Practice, Practice, Practice: Innovative Feminist Literary Criticism

Defense Date


Graduation Date

Fall 1-1-2004


Campus Only

Submission Type


Degree Name





McAnulty College and Graduate School of Liberal Arts

Committee Chair

Linda A. Kinnahan

Committee Member

Daniel Watkins

Committee Member

Magali Cornier Michael


autobiography, Black feminism, creative criticism, poet-scholar


This study examines four volumes of literary criticism that not only discuss but also enact feminist principles. While feminist literary criticism commonly critiques textual representations of gender, works to establish women's traditions, and attends to issues of multiculturalism, scholarship embracing nontraditional approaches goes further as it challenges masculinist assumptions about the aims and methods of textual interpretation. Such work has helped to stretch the boundaries of what is considered legitimate critical practice as it endeavors to make criticism more applicable to the socio-material realm.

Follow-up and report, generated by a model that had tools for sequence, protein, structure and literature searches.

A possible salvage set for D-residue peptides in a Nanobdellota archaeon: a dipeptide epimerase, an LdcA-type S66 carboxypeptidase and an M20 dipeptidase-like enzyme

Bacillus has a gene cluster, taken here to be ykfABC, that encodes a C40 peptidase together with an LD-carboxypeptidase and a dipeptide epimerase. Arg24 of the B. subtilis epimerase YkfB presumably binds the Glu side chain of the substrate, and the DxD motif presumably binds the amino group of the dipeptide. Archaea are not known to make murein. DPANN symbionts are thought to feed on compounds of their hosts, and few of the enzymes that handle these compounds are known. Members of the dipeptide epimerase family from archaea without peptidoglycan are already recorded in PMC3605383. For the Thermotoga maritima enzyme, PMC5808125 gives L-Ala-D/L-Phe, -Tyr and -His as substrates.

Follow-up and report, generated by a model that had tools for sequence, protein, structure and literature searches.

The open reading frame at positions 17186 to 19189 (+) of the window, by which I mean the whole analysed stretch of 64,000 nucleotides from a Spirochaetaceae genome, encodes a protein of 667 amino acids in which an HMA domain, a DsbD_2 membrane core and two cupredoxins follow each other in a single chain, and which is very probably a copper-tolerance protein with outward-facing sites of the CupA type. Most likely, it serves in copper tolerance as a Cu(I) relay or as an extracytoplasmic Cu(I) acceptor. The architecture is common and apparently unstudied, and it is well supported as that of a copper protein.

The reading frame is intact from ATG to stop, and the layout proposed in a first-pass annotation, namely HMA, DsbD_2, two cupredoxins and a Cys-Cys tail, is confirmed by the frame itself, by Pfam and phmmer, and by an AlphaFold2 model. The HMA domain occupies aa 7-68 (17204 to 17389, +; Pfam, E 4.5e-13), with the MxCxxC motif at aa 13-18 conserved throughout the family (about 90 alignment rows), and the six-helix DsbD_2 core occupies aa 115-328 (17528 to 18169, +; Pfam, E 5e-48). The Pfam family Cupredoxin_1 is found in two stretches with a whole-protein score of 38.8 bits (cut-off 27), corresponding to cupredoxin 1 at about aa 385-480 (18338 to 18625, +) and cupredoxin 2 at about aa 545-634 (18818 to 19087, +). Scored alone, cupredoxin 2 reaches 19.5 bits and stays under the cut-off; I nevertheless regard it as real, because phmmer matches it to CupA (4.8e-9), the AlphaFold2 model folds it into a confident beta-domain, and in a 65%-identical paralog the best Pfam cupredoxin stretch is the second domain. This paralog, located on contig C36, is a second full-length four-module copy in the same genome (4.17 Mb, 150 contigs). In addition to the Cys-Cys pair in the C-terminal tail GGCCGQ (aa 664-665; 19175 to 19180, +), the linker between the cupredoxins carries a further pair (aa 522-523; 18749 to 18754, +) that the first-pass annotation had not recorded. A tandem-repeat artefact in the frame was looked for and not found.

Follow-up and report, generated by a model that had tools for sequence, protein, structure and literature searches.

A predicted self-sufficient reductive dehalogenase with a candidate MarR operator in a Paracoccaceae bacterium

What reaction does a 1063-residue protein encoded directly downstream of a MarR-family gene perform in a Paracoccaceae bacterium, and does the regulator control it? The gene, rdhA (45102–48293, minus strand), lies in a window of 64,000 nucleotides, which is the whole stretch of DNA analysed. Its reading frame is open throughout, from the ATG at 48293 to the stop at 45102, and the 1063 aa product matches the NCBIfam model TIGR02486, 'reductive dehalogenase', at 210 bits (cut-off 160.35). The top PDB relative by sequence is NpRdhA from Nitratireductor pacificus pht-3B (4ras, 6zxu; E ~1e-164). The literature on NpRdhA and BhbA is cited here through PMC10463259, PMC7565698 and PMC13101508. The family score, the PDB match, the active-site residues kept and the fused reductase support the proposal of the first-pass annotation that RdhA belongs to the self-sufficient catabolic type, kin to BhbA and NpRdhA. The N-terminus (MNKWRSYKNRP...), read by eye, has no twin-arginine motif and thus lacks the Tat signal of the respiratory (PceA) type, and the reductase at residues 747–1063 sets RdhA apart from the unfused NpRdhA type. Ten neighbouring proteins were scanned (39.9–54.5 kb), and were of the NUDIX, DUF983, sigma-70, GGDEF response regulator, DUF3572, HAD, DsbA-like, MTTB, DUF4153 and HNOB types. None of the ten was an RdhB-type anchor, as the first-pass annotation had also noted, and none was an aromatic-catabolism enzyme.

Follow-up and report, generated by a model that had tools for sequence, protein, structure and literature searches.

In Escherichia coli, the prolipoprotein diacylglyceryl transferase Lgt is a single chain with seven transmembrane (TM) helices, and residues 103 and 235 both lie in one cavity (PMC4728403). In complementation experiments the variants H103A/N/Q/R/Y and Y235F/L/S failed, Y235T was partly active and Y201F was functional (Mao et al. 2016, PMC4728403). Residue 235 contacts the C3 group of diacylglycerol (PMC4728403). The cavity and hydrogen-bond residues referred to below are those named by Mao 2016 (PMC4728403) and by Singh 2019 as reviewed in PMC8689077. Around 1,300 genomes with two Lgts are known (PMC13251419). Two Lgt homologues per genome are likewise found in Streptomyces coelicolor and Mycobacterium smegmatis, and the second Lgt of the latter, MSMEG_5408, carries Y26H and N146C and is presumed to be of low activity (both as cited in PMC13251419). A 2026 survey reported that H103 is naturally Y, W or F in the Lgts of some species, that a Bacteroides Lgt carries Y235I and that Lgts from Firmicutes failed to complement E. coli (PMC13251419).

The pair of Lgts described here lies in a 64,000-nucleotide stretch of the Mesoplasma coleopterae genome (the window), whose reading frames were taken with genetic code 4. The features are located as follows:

Each chapter locates the volume under discussion in terms of feminist encounters with specific critical discourses and traditions. Chapter One examines Alice Walker's In Search of Our Mothers' Gardens: Womanist Prose (1983) to demonstrate that Walker's use of a performative personal criticism drawing on traditions of oral narrative allows her to challenge injustices by simultaneously pointing to concrete specifics and to broader social trends. Chapter Two analyzes Susan Howe's My Emily Dickinson (1985) in terms of its engagement with lineage studies and new historicism. As Howe introduces layers of texts that draw together networks of readers, writers, and cultural communities, she is able to recognize both problematic cultural forces and possibilities of change. Chapter Three explores Rachel Blau DuPlessis's The Pink Guitar: Writing as Feminist Practice (1990) as an example of politically productive poststructural play. In her creative analyses, DuPlessis brings critical work and lived experiences into contact with one another while promoting a model of knowledge rooted in communal processes. Finally, Chapter Four focuses on bell hooks's Yearning: race, gender, and cultural politics (1990) to argue that hooks draws on cultural studies traditions and revises postmodern practices in order to communicate complex ideas about gender and race in an accessible style. Together, the volumes of Walker, Howe, DuPlessis, and hooks present a wide array of possibilities for experimental feminist literary criticism that is actively committed to social change.





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